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Why is wayfinding important in a city? Why do we feel uncomfortable when we don’t know where to go? Why do pedestrians and cyclists prefer certain routes over others? And how can we seduce them to take other routes, or go a little further? To answer these questions, we have to look at the interaction between the physical environment and the people moving in it—their behaviour and sense of wellbeing. Environmental psychologists study these relationships, and underlying motivation and perception, in trying to explain behaviour in public space.

Wayfinding is probably one of the most effective ways to enhance the user experience in the urban environment. With proper design, we can help people reach their destinations in the easiest and most effective ways possible. Wayfinding design can also help prevent behaviour by guiding people away from unsafe locations, promote behaviour by stimulating people to walk a specific route, and support the local economy by attracting people to destinations that need more visitors. Two main categories of design help us reach these goals: shaping the urban environment and effective use of signage and graphic information systems. Here we look at the first. As environmental psychologists we ask: how can a pedestrian find her way in the city based on an intuitive sense of her urban surroundings?


Wayfinding is all about making decisions. When walking around we continuously decide which path to take or what direction to follow. We base our own wayfinding decisions, for the most part, on two strategies: route and survey (1). Route strategies consist of a sequence of instructions to arrive at a destination. Each instruction contains a direction to take at a specific junction or orientation point. This strategy is efficient but rather inflexible because it depends on a specific route. Survey strategies integrate a bird’s eye view of the cityscape. Knowledge about relationships between locations (e.g. distance and orientation) is used to make decision on what general direction to go and thus requires less detailed local knowledge.(2)


Since people navigate with either specific routes or a global sense of direction, the logical solution is to enhance the urban environment to support both strategies. The two basic methods at our disposal are interventions that offer more structure in the urban environment and interventions that offer more differentiation. We can offer more structure by simplifying urban morphology, aligning streets and intersections so they can be understand as part of an overall shape (e.g. a grid) or concept (e.g. the shape of a bird). Through association or perception the average person needs to able to comprehend the overall structure of the city as they move about at eye level.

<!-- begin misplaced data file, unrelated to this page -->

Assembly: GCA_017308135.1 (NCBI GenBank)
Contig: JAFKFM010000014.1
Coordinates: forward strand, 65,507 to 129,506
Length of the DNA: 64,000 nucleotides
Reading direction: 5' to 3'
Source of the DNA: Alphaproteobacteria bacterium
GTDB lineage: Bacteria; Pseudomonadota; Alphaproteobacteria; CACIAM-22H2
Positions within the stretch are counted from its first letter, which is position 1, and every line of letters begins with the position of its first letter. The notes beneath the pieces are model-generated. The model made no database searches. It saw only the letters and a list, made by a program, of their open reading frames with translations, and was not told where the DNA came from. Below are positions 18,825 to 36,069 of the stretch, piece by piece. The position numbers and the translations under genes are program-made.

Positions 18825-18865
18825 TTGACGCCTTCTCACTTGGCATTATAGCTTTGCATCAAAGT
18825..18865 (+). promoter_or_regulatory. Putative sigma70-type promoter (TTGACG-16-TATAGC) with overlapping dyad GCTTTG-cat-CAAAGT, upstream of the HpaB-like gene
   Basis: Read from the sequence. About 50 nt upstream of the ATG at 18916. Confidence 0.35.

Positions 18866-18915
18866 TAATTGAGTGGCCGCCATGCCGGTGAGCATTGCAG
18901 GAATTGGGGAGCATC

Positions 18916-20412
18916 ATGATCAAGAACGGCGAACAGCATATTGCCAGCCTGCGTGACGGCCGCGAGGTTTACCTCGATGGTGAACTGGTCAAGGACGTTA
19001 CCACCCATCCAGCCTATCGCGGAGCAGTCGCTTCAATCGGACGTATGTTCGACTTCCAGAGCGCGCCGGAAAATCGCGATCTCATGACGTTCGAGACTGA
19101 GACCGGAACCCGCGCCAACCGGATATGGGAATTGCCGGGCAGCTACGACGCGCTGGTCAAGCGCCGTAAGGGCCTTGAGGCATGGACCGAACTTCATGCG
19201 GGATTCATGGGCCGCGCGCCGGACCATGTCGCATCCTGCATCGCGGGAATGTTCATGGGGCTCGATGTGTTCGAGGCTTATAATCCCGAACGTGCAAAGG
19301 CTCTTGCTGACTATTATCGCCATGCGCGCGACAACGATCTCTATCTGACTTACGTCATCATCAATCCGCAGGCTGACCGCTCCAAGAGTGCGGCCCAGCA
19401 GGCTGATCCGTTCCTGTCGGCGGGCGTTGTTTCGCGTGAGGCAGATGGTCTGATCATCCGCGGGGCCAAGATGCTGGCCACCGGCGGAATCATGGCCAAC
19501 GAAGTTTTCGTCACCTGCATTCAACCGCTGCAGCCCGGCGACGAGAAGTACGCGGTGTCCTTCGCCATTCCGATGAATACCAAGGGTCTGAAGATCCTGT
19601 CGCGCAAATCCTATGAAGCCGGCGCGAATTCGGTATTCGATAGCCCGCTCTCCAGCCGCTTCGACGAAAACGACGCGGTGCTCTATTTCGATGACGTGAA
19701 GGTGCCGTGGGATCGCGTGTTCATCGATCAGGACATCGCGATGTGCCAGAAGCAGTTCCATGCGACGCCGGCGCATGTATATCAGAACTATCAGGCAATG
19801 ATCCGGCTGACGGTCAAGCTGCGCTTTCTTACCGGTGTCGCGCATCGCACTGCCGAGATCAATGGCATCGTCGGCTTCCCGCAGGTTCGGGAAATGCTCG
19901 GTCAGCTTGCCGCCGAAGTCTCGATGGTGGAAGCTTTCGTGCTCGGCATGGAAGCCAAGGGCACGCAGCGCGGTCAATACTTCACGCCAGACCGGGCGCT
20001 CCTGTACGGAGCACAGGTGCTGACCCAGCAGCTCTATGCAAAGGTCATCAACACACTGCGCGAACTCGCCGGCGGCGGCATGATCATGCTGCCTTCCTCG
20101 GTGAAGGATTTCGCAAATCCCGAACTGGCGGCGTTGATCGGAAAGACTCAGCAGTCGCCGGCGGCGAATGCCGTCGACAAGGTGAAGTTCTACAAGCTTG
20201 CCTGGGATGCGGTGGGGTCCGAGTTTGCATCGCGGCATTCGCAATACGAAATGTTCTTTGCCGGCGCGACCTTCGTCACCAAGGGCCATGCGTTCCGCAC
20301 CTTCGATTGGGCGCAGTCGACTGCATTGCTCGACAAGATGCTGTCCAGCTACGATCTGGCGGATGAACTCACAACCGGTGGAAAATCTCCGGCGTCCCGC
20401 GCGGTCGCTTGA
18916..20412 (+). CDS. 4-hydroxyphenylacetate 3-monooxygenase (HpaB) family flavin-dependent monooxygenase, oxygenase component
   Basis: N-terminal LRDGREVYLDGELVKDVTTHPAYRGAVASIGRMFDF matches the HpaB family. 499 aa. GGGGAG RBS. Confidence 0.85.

Urban environments with a recognizable structure make it easy to generate an integrated bird’s eye view. But if everything looks the same, we essentially have constructed a hedge maze! So some things need to be different. Differentiation interventions promote intuitive wayfinding. Creating zones with distinct, easily recognizable identities help us figure out where we are in the city. Two other main strategies are increasing visual access (i.e., views) so we perceive linkages between different local zones and the placement of landmarks at key decision points throughout the urban landscape. In general, more differentiation can balance out a lack of structure. Vice versa is not possible.


Differentiation makes us understand where we are, locally. It embeds our understanding of place, making us feel saver and in control. The key for proper differentiation is creating local spatial identities. In general it requires a three-part course of action.(3) First, we group space into destination zones based on either form or functional similarities, for example a zone where the cultural heritage of a place is accentuated or a zone where you can find your everyday grocery shopping. Second, in each zone we identify local spatial units and enhance them further until they can be sufficiently recognized by the average person as a separate spatial identity. This could mean for example that a typical feature in the local architecture is made more to stand out by accentuating its colour or shape. Third we enhance the legibility of functional wayfinding elements in the environment: identification of entrances, exits, paths and junctions. For example we make the entrance of an area stand out by giving it some different trees, or we place a statue to accentuate it is a gate.


1. Prestopnik & Roskos-Ewoldsen (2000). The relations among wayfinding strategy use,
sense of direction, sex, familiarity, and wayfinding ability. Journal of Environmental Psychology, 20-2: 177–191

2. Lawton (1996). Strategies for Indoor Wayfinding: The Role of Orientation. Journal of
Environmental Psychology, 16-2: 137-145

3. Arthur & Passini (1992). Wayfinding: people, signs, and architecture. McGraw-Hill Book
Co: p. 86.

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Recognizing the need for structure and differentiation is the basic step to enhance wayfinding. At a higher level, it requires the designer to make an engagement with the user to instil a form of intuitive meaning. Getting there involves exploring what symbols hold special meaning for the users of the environment. It requires insight into ergonomics, local rituals, personalities, cultural heritage and characteristics of place to let the identity of space resonate with the local use and culture. More resonating structures and identities are better recognizable and in turn easier to navigate. To make this a reality, effective wayfinding design cannot be ad hoc installed. But with thoughtful, meaningful research and deliberate application of interventions, every city with all its destinations could be a pleasure to walk and find your way.


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